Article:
Oil Price Decline: Positioning For Turnaround Or Sale
Introduction As a reaction to the dramatic oil price volatility, many energy companies plan to streamline operations by reducing work force and shedding assets. Those who do so face tightening credit and decline in asset value that may impact the solvency of the business enterprise. Energy companies must maintain operations where possible to preserve value and position themselves for a turnaround in prices. Those without staying power because of a lack of capital may be forced to position themselves for sale of all or substantially all of their assets at the highest value. Buyers will want to acquire assets expeditiously and free of liability. Under these circumstances, various parties doing business in the energy industry must be aware of their duties and risks of liability. These parties must also be up-to-date on the means by which to expeditiously transfer assets free of certain claims and interests to maximize recovery. This Client Alert will briefly highlight only a few points to be aware of.
Attorney-Client Privileges: Who May Assert Them (Former Officers and Directors)? What Is the Effect of Dissolution? Given the unpredictability of the current energy market, a precautionary note is in order: efforts should be made to preserve attorney-client privilege in event of later litigation. The attorney-client privilege protects from disclosure to third parties confidential communications between an attorney and a client made for the purpose of obtaining (or rendering) legal advice. Therefore, non-legal advice is not protected. Generally, a corporation's equity interest owners, officers and directors cannot compel disclosure of the corporation's privileged information, since the privilege belongs to the corporation. However, in limited situations, the attorney-client privileges may be lost either thorough waiver or based on "exception." Examples include: privilege passes to chapter 7 trustee of company; based on a "fiduciary exception" to the corporate attorney-client privilege, disclosure may be compelled for "good cause" in situations where shareholders seek to enforce the rights of the corporation against the corporation's officers and directors; and disclosure of the protected communication to third party. Courts often consider the question of whether the attorney-client privilege survives the dissolution of a limited liability company, limited partnership, corporation, or other legal entity, and if so, who is entitled to assert the...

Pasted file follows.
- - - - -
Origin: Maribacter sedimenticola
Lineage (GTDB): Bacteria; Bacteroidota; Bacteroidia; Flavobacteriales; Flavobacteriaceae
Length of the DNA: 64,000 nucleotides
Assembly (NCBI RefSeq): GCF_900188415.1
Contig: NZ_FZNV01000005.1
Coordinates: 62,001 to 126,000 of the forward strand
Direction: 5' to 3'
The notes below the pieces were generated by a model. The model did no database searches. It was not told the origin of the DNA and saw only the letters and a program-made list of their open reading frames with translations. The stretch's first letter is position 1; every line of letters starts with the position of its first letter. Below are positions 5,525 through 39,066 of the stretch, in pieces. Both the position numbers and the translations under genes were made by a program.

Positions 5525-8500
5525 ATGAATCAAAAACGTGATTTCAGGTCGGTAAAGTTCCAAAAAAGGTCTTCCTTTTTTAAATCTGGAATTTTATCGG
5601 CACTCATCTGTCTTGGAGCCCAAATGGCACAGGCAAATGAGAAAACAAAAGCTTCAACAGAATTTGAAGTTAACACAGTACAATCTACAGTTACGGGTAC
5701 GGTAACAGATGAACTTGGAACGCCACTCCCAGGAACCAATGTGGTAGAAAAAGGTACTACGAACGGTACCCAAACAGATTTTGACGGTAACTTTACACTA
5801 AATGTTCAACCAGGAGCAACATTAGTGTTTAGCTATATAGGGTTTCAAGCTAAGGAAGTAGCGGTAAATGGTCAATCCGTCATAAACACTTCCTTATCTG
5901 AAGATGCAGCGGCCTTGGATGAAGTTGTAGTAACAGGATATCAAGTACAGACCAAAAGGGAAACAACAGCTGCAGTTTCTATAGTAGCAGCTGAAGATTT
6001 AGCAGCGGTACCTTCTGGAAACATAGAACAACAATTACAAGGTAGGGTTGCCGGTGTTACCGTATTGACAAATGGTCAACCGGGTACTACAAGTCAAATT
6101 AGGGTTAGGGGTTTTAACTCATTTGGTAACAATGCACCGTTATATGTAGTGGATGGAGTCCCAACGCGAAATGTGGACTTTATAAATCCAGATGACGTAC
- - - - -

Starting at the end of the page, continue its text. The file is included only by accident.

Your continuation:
To continue readingFREE SIGN UP